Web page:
In terms of the design of the box, artists commented on a number of unique features that may allow this artist to be identified and connected to other works. Haidas reported that it is unusual to have so much cross-hatching on the back side of a box. (In this case, the front is the long side with the hands; the back is the long side without hands.) People suspected that with so much cross-hatching and double-lines on the back of the box that this was either a sign of extraordinary wealth, an indication that the reverse of the box was on display, and/or that the artist was showing off their abilities. Other interesting features include: an unusual use of salmon-trout head elements; the triangular shapes in the top corners of the front and back (usually they are rounded off); the blue areas around the double eyes on the front and back sides of the box which are both rounded and angular; the flip or twist in the carving around the eyes; eyes lids which do not close; the amount of double-lines used; and the angle between the main eye design on the front of the box. Haidas observed that on the bottom of one of the short sides, the brow thicknesses varied and wondered if this was an error. They also pointed out that the painting was subtly different on each side and that the colours were reversed. Nika Collison noted that the red corners of the box is a feature usually seen on older boxes.

The iconography was described, with Kuugin Jaad (Mouse Woman) appearing on all four sides of the box -- sometimes more than once per side, and the Chief of the Undersea World. Kuugin Jaad can be best identified by her two round eyes. On the long sides of the box, she appears painted red, in the bottom middle of the box with the two eyes near the top of the design. On the back of the box, she also appears in the top middle, between the large double eyes. On the sides of the box, her eyes are at the bottom of the design, which appears between two hands about 1/3 of the way up the box. Kuugin Jaad is said to see all and know all. Billy Yovanovich explained a theory for one of the design elements around the Kuugin Jaad figure as being a red and white mushroom because of the shape of the design element and because Kuugin Jaad is said to live under these kinds of mushrooms. The Chief of the Undersea World is said to appear to people out of the water in the form of a house pole or bentwood box. Jaalen Edenshaw told us that if you saw the Chief of the Undersea World, it foretold of acquiring wealth. Another delegate recalled that the Chief of the Undersea World would gamble and if the Chief won, there would be a bad fish run that year but if the gambler won then there would be a good fish run. This story relates to the salmon trout head designs on the box.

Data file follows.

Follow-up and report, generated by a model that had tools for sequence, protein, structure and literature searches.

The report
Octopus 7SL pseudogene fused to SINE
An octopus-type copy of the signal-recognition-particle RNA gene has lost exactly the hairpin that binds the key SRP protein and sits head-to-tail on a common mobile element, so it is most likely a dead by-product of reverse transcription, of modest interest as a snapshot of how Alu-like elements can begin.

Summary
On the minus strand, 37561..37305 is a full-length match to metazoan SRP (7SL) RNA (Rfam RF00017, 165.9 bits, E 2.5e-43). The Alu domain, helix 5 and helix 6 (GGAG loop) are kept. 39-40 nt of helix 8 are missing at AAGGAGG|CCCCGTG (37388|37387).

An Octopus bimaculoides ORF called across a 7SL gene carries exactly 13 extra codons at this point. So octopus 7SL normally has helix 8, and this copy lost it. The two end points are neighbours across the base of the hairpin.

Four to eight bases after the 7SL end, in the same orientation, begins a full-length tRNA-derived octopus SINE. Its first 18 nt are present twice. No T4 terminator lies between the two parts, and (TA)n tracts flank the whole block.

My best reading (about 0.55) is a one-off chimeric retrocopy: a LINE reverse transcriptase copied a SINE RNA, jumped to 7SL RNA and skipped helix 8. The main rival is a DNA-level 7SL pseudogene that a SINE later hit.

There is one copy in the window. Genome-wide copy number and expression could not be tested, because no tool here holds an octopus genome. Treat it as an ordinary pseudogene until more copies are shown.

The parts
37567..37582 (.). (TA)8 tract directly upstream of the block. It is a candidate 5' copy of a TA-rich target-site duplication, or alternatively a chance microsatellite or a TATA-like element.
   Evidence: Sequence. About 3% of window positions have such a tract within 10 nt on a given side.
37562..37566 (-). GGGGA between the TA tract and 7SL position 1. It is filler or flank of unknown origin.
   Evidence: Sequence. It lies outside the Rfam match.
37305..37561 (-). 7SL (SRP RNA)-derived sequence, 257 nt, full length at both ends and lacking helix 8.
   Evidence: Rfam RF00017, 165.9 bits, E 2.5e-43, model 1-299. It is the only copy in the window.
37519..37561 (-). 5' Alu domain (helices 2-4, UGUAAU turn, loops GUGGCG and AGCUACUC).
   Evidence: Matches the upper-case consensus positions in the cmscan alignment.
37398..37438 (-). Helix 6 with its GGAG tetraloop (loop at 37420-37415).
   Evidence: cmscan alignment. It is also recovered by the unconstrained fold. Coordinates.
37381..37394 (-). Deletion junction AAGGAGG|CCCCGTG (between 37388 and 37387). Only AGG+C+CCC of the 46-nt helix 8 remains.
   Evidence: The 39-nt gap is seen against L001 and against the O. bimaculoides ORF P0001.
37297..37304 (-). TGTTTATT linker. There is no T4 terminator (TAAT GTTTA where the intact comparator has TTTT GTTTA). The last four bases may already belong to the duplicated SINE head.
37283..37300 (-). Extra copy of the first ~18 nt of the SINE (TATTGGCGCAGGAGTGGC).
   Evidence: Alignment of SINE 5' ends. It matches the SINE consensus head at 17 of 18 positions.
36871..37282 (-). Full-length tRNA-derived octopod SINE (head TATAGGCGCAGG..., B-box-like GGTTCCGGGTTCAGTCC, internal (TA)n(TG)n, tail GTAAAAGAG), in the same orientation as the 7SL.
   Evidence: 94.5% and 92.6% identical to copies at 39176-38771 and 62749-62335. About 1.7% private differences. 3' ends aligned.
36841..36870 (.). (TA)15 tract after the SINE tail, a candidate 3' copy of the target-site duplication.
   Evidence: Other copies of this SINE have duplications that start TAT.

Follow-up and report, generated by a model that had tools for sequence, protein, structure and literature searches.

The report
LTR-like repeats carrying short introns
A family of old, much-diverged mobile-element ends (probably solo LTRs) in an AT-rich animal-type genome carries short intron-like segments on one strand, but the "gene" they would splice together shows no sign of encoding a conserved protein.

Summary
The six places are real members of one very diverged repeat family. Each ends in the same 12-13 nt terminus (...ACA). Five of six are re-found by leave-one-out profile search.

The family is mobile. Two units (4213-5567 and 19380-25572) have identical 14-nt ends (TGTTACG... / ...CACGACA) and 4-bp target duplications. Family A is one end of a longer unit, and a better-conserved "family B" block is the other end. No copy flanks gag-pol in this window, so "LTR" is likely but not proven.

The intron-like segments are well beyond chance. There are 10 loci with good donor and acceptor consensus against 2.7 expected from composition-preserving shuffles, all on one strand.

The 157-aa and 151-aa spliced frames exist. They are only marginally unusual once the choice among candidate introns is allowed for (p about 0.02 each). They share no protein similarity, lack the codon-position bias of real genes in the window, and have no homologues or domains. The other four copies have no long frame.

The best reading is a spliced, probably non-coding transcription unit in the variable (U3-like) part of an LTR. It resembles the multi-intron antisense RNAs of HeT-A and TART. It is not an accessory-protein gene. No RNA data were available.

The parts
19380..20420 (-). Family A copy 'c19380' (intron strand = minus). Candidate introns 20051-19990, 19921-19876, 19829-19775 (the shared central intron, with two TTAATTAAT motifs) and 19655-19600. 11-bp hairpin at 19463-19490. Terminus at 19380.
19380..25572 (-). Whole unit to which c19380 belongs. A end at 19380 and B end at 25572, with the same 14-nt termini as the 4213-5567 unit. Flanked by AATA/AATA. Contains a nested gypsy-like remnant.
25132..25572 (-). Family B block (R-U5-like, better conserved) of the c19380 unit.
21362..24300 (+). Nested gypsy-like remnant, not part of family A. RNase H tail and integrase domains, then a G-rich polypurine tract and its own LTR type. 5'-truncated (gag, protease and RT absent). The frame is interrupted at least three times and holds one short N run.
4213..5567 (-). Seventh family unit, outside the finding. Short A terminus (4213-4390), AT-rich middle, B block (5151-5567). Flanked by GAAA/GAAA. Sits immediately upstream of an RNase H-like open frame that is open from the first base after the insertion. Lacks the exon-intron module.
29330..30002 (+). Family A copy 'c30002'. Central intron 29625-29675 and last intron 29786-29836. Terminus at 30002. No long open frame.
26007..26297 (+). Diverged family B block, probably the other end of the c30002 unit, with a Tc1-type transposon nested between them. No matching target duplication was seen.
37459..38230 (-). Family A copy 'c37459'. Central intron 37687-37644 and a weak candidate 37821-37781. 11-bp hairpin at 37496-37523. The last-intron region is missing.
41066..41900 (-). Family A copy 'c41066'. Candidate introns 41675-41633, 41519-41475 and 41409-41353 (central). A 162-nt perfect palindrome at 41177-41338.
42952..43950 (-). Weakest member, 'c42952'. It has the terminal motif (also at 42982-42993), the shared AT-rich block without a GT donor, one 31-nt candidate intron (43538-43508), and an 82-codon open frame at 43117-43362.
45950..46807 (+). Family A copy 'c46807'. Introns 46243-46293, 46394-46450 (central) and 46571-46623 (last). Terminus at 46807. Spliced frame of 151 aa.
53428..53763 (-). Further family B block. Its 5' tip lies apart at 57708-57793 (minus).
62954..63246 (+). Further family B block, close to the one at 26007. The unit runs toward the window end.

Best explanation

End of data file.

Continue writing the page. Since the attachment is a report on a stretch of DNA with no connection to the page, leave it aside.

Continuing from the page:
There was discussion as to whether Charles Edenshaw could have carved this box. The exceptional quality and style of the eyes were the main reasons for suspecting Edenshaw as the artist. Some people felt there is a tendency to label things as Edenshaw when they are not. While other people thought that given the small Haida population in the 1800s, there would likely be only a handful of master carvers and that this might increase the likelihood that the box was an Edenshaw (or someone influenced by him). The artist was identified as a master of his craft by delegates. He was also characterised as innovative, 'funky', 'modern', and pushing the boundaries of the art (as much as any Haida artist living today). Gwaai Edenshaw and Jaalen Edenshaw later wondered if the carver of this box produced other pieces that were a major influence on living Haida artist Robert Davidson. Frequently, carvers used their 'tactile' encounter with this box as a reason why direct engagements with objects (rather than photographic or on-line access) were necessary. The layers of information in this box require close examination and depth of field not possible with photography.

The session with the box comprises Tapes 1 and 5 of the Haida handling session videos, which can be found in the Haida Project Related Documents File. [CAK 03/03/2010]

NB there is no record of why this object has been assumed to have been a coffin. Boxes such as this were used by Haida people for a wide variety of purposes, mostly storage, rarely as coffins. L Peers, 28/01/2008

The inside of the box is very clean, with little staining of the wood, and fairly minor insect activity. These aspects further render the box unlikely to have been used as a coffin, and more likely used for storage of regalia or prestige items. [CAK 21/08/2009]

Presumably found unentered. NB Wrongly numbered originally as 1884.56.25. [AP Leverhulme project on founding collection 1995-1998]